Yes! Perfect! All I ever needed was another blog about food.
I am afraid that anyone who may be reading this has been viciously, viciously deceived. This is not about food. In all honesty this is about me.
I am a 17-year-old girl who has been living in Pretoria, South Africa for the past 5 years, and will soon be leaving again with plans to go to university somewhere in the lovely United States of America. More on that eventually.
A brief summary of my previous destinations and life:
1995- Born in Chicago, Illinois
1996- At the age of 1 my family of 3 departs to live in Tokyo, Japan.
2000- The trio returns to the USA and I carry out my Elementary School years in Colorado.
2006- Surprise! The parents believe that Eastern Europe is their calling, so we move to Ljubljana, Slovenia. My first two years of middle school are spent at an isolated and minuscule American-curriculum based international school where I am in a class consisting of me and 4 other boys, the entire population of grades 6-8.
2008- A temporary change of scenery occurs where we live for 3 months with my mother's family who are farmers in south-west Iowa. In the mean time visas are sorted out in regards to our move to...
2008 (later)- South Africa! Here I am enrolled to carry out my Secondary education in an Anglican girl's school, one of the most drastic changes I have ever had to adapt to in my life, in my opinion. Besides the fact that never in my life before had I ever been required to wear a uniform, besides the fact that never in my life before had I ever really hung out with a large quantity of girls, besides the fact that suddenly I woke up every morning in Africa, but all my life I had been raised in a relatively religiously-liberal family. To put it quite subtly, my first year was a combination of violent culture shock and general apprehension. Twice a week the school day would begin with a compulsory chapel service. If ever you walked by an adult, you had to greet them, and if you were sitting, you had to stand up as well. Demerits were given out for not using a brown hair tie (all hair must be tied back), shoes not being polished, the length of your school dress not meeting the "4 fingers above the knee" requirement, the presence of nail polish, wearing incorrect earrings, and plenty more. A very academically prestigious school, any grade at or below the range of a C is relatively rare and treated seriously.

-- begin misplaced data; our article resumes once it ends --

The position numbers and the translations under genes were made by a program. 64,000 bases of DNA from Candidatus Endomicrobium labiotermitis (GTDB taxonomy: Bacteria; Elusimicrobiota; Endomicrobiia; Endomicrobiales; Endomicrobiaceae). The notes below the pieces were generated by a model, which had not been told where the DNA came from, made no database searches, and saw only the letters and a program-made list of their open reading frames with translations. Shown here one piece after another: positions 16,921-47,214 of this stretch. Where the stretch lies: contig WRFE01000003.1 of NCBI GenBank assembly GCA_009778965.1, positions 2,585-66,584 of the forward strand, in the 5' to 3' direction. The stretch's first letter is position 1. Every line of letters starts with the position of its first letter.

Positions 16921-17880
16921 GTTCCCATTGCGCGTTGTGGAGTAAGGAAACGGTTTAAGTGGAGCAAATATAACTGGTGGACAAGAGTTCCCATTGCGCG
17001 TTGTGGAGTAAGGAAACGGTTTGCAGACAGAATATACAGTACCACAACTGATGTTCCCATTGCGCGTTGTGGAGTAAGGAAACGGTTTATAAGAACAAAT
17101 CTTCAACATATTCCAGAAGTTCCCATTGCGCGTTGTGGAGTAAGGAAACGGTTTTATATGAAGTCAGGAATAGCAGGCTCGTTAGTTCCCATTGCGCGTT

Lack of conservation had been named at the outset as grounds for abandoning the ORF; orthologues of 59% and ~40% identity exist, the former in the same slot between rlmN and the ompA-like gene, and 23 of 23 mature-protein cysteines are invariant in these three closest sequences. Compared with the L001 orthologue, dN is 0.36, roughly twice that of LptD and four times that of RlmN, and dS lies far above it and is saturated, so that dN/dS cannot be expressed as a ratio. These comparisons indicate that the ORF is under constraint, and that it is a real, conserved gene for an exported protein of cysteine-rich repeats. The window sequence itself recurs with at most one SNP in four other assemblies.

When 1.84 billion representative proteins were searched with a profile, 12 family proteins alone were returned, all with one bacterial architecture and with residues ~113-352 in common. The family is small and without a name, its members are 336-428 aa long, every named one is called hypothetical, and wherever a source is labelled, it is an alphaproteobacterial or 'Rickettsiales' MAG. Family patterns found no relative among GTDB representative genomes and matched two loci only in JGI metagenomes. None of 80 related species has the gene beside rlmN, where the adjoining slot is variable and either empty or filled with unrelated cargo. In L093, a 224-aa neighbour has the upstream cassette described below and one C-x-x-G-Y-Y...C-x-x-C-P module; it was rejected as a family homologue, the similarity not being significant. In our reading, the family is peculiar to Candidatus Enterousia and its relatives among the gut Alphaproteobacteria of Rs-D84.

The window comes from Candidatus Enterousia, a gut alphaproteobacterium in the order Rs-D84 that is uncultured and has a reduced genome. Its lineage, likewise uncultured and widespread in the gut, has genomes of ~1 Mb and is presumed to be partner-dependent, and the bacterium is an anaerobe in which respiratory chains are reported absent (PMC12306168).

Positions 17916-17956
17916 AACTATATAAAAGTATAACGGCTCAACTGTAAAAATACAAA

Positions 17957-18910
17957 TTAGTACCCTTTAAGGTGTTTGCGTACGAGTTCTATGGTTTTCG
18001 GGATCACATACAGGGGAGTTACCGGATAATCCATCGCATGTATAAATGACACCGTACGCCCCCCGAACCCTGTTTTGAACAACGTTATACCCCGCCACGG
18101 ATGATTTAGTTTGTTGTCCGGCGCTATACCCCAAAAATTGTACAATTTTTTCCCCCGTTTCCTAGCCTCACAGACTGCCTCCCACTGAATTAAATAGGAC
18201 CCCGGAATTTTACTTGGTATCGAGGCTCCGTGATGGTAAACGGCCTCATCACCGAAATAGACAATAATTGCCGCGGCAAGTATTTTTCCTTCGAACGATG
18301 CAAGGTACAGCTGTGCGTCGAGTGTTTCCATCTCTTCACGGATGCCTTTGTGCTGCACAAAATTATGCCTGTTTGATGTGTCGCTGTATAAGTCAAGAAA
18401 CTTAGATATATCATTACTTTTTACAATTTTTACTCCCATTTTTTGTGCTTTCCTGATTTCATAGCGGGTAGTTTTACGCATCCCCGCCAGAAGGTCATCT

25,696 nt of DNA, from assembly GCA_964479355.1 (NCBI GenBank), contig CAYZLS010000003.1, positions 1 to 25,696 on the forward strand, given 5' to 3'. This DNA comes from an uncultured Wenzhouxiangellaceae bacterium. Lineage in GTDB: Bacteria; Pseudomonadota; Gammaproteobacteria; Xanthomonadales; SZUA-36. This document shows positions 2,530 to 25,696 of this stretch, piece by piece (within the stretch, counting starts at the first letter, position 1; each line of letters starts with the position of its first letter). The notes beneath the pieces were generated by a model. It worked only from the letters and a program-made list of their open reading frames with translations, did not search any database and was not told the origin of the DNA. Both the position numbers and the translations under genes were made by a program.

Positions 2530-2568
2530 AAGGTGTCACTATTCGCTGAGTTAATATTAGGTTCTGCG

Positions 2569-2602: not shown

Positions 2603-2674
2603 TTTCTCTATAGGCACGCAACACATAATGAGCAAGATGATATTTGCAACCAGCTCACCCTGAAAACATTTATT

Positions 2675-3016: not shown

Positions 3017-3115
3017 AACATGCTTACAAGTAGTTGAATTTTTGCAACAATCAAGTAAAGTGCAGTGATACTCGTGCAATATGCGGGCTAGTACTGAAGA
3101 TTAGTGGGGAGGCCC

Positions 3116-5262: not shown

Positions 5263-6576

At the time I was the only international student that I knew of, and all of my peers were completely adapted to such a lifestyle. In summary, I was probably more stressed than any already unstable 13-year-old should really be. Nothing has changed since then, but 5 years is enough time to get used to the environment, and I have been able to see and appreciate the kind of person that this has molded me to be.
I have seen and experienced a lot of things, and I like to think that it has given me a more objective perspective on some things that are happening in society today, and the ability to form some pretty well-rounded opinions.
This is a place that I will consider as my little electronic diary of sorts. Firstly because I type much more quickly than I write and I will be able to say more without getting distracted. As someone who does not generally talk about their feelings to people very often, (one phrase that I have heard to describe me is "an emotionless robot") this may become slightly therapeutic seeing as I definitely have a lot of thoughts swimming around my head.
Secondly, my hand-writing looks like a pre-developed form of chicken scratch.
So, internet. The contents of my head now belong to you. Because everyone always needs more teenage angst in their lives.